Heartbleed raises IT issues for federal government
The discovery of the Heartbleed vulnerability is one of the most significant cybersecurity events in recent years. Heartbleed represented a major flaw in the widely used OpenSSL encryption library, putting a huge number of firms at risk of data exposure or loss.
One organization that was particularly affected by this revelation was the U.S. government, as NextGov contributor Jason Thompson reported. The writer noted that OpenSSL has played an essential role in the development of government services over the Internet, and that this cybersecurity issue raises serious questions about the viability of open source solutions in the public sector, and the general risks posed by an increasing reliance on various IT initiatives. At the very least, a renewed focus on cybersecurity efforts is likely necessary for government agencies.
Open source and the federal government
The writer asserted that while Heartbleed was the most significant, obvious open source security issue to emerge, there is additional evidence to suggest that these solutions may not be sufficiently protected for government agencies.
A key example of the danger posed by Heartbleed in the federal sphere can be found in Secure Shell. Thompson pointed out that Secure Shell protocols operate in the background of most government networks, providing cybersecurity by encrypting connections and controlling access to sensitive agency data. Recently, a website security company challenged hackers to attempt to use the Heartbleed vulnerability in order to steal private Secure Shell security keys. Four hackers accepted the challenge and were successful.
For this and other reasons, identity and access management is seen as a major cybersecurity concern for the federal government, Thompson asserted. The rise of machine-to-machine activity has required a much greater emphasis on IAM control in order to determine which end-points can access a given IT resource. Manual authorization is simply not a viable option when there are so many automated connections on government networks.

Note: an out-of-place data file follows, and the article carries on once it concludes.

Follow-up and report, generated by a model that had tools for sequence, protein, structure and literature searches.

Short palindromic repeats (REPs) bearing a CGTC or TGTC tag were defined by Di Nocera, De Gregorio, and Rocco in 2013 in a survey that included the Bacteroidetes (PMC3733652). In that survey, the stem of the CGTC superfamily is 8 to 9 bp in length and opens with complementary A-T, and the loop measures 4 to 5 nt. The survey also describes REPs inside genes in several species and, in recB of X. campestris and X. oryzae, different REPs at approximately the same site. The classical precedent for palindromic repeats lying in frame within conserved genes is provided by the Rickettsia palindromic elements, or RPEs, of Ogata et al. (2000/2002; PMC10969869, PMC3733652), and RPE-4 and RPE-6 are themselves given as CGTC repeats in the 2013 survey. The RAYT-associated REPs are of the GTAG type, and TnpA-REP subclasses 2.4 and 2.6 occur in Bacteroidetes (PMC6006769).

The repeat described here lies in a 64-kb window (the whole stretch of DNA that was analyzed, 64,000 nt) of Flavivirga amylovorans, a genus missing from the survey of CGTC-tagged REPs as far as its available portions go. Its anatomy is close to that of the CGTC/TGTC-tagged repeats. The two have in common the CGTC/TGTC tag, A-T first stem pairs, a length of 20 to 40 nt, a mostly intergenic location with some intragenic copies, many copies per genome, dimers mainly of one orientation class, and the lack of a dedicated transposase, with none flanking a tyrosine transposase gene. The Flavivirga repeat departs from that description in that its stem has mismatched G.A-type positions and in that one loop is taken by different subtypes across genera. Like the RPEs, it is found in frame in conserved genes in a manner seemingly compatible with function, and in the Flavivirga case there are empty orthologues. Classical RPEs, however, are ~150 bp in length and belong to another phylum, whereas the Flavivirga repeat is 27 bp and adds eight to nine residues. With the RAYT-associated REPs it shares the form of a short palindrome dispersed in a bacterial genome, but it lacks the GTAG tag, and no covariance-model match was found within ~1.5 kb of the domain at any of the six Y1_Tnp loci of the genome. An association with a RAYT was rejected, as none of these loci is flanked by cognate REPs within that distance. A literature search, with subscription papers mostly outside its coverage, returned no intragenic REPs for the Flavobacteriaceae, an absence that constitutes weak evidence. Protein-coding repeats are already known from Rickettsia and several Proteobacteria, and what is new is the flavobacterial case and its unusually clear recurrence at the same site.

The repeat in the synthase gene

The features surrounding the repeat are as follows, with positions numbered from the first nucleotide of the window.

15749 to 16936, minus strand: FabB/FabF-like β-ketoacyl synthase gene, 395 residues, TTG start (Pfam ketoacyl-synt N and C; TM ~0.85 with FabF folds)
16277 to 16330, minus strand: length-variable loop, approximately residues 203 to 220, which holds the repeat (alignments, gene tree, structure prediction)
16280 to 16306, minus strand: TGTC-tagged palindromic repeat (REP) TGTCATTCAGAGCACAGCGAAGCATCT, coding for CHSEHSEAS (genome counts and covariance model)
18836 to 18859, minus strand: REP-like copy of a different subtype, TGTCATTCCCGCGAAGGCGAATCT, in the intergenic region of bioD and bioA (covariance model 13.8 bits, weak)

"Machine-to-machine data transfers require a secure encrypted channel," the writer explained. "For this reason, most of the identities that enable these processes use Secure Shell for authentication and authorization. However, holes exist in the governance of identities that use Secure Shell."
This puts a wide range of government IT assets at risk of a data breach.
As the writer pointed out, these issues are not limited to open source. Third-party hackers will inevitably discover a given software solution's vulnerabilities eventually, no matter how well-designed it is. There was nothing unique about OpenSSL and the Heartbleed flaw other than the scope of its vulnerability – there is no inherent cybersecurity issue associated with OpenSSL or open source software in general.
But that doesn't mean that federal leaders should simply shrug off Heartbleed as an unavoidable problem. On the contrary, agencies should use this occasion to reconsider their approach to cybersecurity, shoring up their defenses wherever possible.
When it comes to open source, there are a number of specific cybersecurity issues for agencies to consider, according to Thompson. These include whether the software is being monitored effectively, how frequently encryption keys are changed and whether the solutions are supported by third-party vendors.
This last point is particularly critical. As government agencies continue to rely more on IT services to deliver mandated performance, there is a serious shortage of IT professionals within the public sector. As IT adoption outpaces IT expertise, the potential for serious complications rises. Government entities can mitigate this risk by working closely with third-party IT services providers and consultants to ensure that data migration and other aspects of implementation and deployment are handled as securely and smoothly as possible.